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On May 27, the U.S. Federal Trade Commission released its study of data broker practices entitled “Big Data: A Call for Transparency and Accountability.” Based on its 18-month review of the data collection and use practices of nine significant data brokers (Acxiom, CoreLogic, Datalogix, eBureau, ID Analytics, Intelius, PeekYou, Rapleaf, and Recorded Future), the FTC obtained detailed information regarding the data brokers’ practices, including the nature and sources of consumer data they collect; how they use, maintain, and disseminate the data; and the extent to which data brokers currently allow U.S. consumers to access and correct data about them or to opt out of having their personal information sold or shared.
Last month’s column started our conversation on request for proposals tips. This month, I am going to dig a little deeper to help you, as a practising lawyer, put your best foot forward.
In last month’s article, I overviewed the pros and cons of using the cloud for storing documents. My conclusion was storing documents in the cloud will grow to be indispensable and, indeed, inevitable.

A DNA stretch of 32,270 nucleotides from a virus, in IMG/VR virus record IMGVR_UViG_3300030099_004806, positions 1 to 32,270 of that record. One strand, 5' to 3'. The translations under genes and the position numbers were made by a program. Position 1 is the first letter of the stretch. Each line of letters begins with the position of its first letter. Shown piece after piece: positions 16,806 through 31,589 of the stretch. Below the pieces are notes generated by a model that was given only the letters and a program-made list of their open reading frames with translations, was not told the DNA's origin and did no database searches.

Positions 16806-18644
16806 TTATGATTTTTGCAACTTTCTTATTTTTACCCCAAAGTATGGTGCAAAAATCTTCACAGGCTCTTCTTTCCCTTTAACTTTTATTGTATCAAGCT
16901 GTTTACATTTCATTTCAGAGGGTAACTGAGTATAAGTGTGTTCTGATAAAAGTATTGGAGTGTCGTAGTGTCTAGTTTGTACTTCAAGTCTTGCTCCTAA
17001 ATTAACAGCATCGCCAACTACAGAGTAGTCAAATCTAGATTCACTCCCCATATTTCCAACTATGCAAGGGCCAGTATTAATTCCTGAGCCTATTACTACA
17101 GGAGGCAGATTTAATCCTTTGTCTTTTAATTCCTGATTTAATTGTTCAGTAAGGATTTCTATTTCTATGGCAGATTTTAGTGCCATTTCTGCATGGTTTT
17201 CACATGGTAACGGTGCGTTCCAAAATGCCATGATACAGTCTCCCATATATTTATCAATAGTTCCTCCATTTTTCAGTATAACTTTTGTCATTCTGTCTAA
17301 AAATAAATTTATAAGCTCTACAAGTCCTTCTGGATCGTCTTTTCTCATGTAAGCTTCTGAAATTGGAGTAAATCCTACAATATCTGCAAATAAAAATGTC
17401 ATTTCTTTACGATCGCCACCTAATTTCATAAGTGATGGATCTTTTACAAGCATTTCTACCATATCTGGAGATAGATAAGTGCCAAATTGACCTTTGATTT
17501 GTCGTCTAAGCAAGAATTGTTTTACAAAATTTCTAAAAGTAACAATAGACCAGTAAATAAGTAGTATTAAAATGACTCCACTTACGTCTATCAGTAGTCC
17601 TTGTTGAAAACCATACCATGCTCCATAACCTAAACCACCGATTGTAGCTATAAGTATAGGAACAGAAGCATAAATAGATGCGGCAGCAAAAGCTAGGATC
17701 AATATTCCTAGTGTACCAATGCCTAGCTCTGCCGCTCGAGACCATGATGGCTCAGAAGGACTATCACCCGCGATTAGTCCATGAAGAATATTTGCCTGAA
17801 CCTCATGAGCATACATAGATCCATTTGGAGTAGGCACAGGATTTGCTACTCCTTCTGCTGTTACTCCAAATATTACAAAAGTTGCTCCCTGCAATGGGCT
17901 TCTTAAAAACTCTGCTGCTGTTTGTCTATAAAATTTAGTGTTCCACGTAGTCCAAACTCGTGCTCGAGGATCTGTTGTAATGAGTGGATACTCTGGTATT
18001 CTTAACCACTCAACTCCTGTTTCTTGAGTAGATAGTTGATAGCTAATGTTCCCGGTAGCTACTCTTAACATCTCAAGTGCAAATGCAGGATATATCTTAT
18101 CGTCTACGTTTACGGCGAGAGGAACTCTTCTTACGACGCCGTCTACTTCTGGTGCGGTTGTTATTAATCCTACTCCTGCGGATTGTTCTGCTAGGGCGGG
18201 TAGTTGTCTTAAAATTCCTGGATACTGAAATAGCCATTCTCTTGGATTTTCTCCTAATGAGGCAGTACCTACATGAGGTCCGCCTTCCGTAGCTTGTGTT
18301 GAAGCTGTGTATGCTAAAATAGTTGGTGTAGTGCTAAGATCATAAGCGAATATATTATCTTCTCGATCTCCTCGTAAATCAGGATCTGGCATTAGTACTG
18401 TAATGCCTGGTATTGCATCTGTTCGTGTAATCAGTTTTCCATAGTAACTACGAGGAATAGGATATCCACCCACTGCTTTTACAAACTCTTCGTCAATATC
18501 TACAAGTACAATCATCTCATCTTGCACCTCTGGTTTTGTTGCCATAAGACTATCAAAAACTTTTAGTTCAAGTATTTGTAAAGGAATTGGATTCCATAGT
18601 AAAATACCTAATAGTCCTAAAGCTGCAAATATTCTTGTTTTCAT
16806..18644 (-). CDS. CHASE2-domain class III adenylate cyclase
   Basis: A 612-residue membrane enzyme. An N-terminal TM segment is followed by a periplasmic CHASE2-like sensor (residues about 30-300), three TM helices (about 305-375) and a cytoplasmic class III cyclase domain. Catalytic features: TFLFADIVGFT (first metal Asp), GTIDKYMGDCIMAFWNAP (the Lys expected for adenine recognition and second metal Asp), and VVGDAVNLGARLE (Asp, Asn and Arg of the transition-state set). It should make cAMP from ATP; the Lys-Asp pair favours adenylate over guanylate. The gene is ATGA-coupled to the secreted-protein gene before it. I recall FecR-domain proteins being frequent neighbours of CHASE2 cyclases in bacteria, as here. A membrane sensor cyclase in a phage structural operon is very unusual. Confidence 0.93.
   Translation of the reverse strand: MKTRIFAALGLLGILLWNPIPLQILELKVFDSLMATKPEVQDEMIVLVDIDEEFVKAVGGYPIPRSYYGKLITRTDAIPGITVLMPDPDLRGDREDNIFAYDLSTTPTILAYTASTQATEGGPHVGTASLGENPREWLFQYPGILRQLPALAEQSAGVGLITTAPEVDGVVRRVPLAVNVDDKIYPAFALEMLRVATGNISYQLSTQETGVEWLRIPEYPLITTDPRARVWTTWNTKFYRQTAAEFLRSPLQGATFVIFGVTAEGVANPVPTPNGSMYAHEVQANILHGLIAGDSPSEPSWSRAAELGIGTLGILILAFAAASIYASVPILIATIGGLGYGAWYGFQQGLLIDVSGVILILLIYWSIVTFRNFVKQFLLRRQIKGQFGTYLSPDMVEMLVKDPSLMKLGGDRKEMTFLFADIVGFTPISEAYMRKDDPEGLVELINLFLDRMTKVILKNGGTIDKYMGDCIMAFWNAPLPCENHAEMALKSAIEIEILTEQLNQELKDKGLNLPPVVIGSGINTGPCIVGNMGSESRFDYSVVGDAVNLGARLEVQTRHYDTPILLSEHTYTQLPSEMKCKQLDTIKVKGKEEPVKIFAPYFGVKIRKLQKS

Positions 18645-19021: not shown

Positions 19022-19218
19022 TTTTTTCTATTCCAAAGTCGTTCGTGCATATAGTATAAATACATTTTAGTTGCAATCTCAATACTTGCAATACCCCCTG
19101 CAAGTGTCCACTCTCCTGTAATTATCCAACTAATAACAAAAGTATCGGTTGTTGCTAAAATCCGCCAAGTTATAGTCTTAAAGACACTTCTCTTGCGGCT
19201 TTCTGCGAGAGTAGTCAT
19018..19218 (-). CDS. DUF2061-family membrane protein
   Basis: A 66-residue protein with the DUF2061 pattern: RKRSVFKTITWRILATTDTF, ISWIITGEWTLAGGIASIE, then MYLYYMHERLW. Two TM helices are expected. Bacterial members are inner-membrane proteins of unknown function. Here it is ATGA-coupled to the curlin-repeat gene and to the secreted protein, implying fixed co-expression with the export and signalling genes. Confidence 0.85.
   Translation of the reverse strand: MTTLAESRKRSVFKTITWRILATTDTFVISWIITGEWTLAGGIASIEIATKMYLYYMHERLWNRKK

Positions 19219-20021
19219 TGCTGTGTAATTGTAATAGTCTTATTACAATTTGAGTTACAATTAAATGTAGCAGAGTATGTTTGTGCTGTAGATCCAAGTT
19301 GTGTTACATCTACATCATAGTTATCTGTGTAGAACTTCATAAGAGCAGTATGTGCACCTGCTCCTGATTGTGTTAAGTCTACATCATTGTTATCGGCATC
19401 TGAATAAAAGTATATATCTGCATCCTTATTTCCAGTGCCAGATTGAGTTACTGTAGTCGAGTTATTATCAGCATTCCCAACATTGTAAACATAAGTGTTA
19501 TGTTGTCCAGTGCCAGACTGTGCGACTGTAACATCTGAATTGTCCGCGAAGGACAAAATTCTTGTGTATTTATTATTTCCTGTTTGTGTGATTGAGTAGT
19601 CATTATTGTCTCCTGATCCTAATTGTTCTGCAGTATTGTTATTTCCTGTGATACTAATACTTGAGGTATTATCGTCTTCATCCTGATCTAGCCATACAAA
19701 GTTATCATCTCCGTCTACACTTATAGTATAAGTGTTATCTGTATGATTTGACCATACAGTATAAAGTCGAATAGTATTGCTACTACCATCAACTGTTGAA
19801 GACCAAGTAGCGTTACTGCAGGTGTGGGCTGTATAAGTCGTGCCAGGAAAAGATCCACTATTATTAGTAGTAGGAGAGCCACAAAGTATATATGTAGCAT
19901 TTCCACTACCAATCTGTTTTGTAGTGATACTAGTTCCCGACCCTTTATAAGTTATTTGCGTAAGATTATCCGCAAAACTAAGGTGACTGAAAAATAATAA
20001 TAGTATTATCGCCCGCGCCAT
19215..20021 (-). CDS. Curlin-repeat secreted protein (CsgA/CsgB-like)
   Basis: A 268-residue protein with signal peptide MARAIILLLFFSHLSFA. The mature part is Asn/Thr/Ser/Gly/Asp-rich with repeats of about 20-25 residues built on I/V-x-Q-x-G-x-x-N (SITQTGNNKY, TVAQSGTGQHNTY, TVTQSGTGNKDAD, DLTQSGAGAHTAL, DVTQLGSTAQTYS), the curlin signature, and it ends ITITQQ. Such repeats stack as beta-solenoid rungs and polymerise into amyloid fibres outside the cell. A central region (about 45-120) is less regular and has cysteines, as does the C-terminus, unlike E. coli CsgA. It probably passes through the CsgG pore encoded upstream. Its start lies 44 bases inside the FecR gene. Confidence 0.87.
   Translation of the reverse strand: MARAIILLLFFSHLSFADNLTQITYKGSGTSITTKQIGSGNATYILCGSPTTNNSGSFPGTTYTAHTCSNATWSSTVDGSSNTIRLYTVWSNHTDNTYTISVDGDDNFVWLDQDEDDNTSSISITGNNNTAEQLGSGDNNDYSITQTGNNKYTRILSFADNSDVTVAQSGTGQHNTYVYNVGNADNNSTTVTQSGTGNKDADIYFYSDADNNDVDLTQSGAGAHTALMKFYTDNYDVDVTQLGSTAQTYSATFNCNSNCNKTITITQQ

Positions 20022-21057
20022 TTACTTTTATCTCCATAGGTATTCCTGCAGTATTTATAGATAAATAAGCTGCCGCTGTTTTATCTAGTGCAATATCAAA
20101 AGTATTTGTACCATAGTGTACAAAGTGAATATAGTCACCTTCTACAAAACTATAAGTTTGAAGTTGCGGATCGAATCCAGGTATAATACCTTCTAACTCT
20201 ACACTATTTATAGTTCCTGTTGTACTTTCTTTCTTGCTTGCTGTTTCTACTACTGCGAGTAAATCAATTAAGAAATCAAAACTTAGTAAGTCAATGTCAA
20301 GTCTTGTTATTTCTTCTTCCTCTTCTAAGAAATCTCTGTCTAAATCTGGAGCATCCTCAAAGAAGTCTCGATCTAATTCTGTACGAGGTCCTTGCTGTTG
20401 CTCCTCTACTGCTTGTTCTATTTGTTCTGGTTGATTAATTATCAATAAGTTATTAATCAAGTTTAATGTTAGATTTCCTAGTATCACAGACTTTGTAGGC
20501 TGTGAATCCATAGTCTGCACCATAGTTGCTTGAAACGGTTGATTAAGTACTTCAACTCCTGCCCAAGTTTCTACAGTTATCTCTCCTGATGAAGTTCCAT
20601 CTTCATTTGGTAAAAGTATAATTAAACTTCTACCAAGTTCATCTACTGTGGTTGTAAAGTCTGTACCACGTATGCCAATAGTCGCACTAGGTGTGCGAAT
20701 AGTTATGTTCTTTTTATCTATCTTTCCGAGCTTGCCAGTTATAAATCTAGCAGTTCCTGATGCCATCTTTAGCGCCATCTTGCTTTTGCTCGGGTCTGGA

From time to time through this space, I have brought readers up to speed on the latest rulings from the Ontario courts on limitation periods. Remarkably, while the Limitations Act, 2002 was supposed to achieve clarity and predictability in the determination of limitation periods, the act has continued to spawn litigation requiring adjudication and interpretation at the appellate level.
The Class Proceedings Act,1992 was intended to promote access to justice. To do so, it incentivizes lawyers to undertake class actions with contingency fee agreements and the availability of premium fee awards. However, if class counsel are not adequately and consistently provided an amount that fairly compensates them for the seriousness of the risks undertaken over the course of many years, the purpose of the legislation as set out by the framers of the act will not be achieved.
As lawyers, it is our legal knowledge that provides value for our clients. In law school we were provided with specific learning goals from our professors and the law school curriculum, however, as practising lawyers we are responsible for our own learning, and at the end of the day we are responsible for managing our knowledge growth.
On June 6, I received an e-mail from Industry Canada inviting me to become “better informed” about Canada’s Anti-Spam Legislation through one of several information sessions hosted by the Canadian government “across the country” during the past six months. Having duly signed up to receive “Fighting Spam” updates, I was directed to watch a video, one month after it had been posted to YouTube, that promised to provided “detailed information on enforcement, regulations and guidance related to CASL.”